Release Date: January 12, 2007
BUFFALO, N.Y. -- The Center for the Moving Image (CMI) at the University at Buffalo has commissioned a ballet by noted choreographer Brian Reeder that will premiere in Buffalo with the American Ballet Theatre Studio Company and, during the company's performance there in March, be presented to the City of New Orleans as a gift from the City of Buffalo.
For future research and study, the process of creation and performance will be documented using advanced digital technology by Emmy Award-winning artist and filmmaker Elliot Caplan, UB professor of media study and director of the CMI, an interdisciplinary initiative of UB's College of Arts and Sciences and Department of Media Study.
The public premiere of the dance will take place at 8 p.m. Feb. 3 in the UB Center for the Arts in a program that will feature additional works from the ABT Studio Company repertoire.
Tickets will be $22 (general public), $15 (UB faculty and staff) and $10 (students). They may be purchased at the UB Center for the Arts, North (Amherst) Campus, at Ticketmaster outlets or Ticketmaster online at http://www.ticketmaster.com/event/. Tickets may be charged by telephone by calling 852-5000. Additional information about the performance is available on the center's Web site at http://www.ubcfa.org, click on "Special Events." A portion of all ticket revenue will go to the ABT to support its performances in New Orleans.
In addition, a generous gift from UB alumnus Robert G. Morris and his wife, Carol L. Morris, will fund a matinee performance that will include the ballet at 11 a.m. Jan. 29 in Shea's Performing Arts Center for an audience of 3,000 Buffalo Public Schools students. The performance will be followed by a question-and-answer session with members of the ABT Studio Company. Buffalo Mayor Byron W. Brown will participate in the question-and-answer session.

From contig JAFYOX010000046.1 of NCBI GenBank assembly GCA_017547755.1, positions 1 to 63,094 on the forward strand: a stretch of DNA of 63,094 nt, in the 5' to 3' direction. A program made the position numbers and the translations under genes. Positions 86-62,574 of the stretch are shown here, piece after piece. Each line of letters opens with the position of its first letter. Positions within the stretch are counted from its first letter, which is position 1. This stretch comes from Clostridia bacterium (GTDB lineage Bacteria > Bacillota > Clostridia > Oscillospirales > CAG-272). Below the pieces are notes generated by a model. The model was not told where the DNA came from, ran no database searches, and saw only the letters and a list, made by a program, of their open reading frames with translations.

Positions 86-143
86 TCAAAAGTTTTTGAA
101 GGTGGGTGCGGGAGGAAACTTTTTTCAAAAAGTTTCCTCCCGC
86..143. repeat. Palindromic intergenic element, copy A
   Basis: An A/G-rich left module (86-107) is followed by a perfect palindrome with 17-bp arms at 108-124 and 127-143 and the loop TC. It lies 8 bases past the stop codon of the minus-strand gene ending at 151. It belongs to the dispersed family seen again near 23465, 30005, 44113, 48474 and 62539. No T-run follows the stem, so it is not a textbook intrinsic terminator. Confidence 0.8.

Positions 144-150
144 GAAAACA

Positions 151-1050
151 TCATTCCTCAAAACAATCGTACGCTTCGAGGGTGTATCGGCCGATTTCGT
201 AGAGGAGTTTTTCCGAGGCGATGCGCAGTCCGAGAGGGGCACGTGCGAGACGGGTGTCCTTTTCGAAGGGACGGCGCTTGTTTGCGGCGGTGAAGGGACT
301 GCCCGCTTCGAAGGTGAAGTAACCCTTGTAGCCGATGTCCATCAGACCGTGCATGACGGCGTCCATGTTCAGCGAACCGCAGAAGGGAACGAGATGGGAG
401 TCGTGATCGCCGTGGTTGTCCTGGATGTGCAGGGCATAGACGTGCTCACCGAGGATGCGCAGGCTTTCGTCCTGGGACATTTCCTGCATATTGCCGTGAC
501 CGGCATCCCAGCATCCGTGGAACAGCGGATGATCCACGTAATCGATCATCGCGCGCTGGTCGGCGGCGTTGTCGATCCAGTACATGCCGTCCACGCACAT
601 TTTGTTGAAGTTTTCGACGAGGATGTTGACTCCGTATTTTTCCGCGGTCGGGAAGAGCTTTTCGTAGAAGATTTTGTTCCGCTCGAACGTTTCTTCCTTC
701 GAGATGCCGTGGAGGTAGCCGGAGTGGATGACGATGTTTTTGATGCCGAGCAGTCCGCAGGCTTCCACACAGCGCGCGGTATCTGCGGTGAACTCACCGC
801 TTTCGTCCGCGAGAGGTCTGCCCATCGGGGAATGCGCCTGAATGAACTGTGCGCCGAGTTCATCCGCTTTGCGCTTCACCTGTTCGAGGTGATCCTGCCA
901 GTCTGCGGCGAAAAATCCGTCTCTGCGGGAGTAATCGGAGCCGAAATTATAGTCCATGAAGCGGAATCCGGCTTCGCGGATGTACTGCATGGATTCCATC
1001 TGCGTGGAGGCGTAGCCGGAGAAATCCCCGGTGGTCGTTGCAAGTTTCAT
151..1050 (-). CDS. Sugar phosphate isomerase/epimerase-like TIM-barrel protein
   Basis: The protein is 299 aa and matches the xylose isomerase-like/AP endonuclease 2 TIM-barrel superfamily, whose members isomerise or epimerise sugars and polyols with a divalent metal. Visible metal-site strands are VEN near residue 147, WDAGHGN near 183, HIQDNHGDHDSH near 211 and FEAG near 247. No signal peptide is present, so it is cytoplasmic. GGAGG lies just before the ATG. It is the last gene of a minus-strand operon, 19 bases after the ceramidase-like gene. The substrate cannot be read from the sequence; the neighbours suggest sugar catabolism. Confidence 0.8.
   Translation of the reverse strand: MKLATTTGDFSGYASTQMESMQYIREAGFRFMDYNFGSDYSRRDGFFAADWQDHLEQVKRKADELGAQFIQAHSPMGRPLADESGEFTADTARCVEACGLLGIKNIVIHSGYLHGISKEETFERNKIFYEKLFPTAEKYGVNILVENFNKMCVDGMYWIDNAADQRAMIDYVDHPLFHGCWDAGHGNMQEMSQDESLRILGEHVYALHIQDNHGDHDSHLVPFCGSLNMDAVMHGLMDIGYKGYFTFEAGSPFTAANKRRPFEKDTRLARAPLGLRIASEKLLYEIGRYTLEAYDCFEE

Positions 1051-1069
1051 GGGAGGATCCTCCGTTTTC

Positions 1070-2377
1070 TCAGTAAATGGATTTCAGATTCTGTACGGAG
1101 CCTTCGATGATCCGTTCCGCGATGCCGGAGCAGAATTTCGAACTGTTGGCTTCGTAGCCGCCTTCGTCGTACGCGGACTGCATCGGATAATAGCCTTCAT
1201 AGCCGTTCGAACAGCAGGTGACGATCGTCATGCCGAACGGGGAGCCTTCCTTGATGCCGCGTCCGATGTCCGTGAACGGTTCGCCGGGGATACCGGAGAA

"This performance, and the innovative documentary that Professor Caplan is creating, will provide an exceptional opportunity for the university to share a truly world-class arts experience with the broader community," said UB President John B. Simpson.
"The performance is sure to be an unforgettable experience for the Buffalo Public Schools students who witness it, and I'm very grateful to Bob and Carol Morris for their generosity in helping to make this opportunity possible. Hosting the premiere of this unique performance will be every bit as memorable for our entire UB community, and the chance to learn first-hand from members of this distinguished company will be an invaluable opportunity for our performing-arts students and the regional arts community."
Mayor Brown added, "This is truly a unique and exciting event for the City of Buffalo and our region. With a vibrant and diverse cultural community, the City of Buffalo will again be placed among leading contemporary artists and performers through the efforts of Elliot Caplan of the University at Buffalo's Center for the Moving Image and the American Ballet Theatre Studio Company with this specially commissioned ballet.
"More importantly," Brown added, "students from throughout Buffalo's public school system will have an opportunity to see a special performance of the new dance at the city's historic Shea's Center for the Performing Arts and then, following its premier at the university, the City of Buffalo will present this performance as gift to the citizens of the City of New Orleans. I thank all of the partners who have come together in this very worthy and creative undertaking."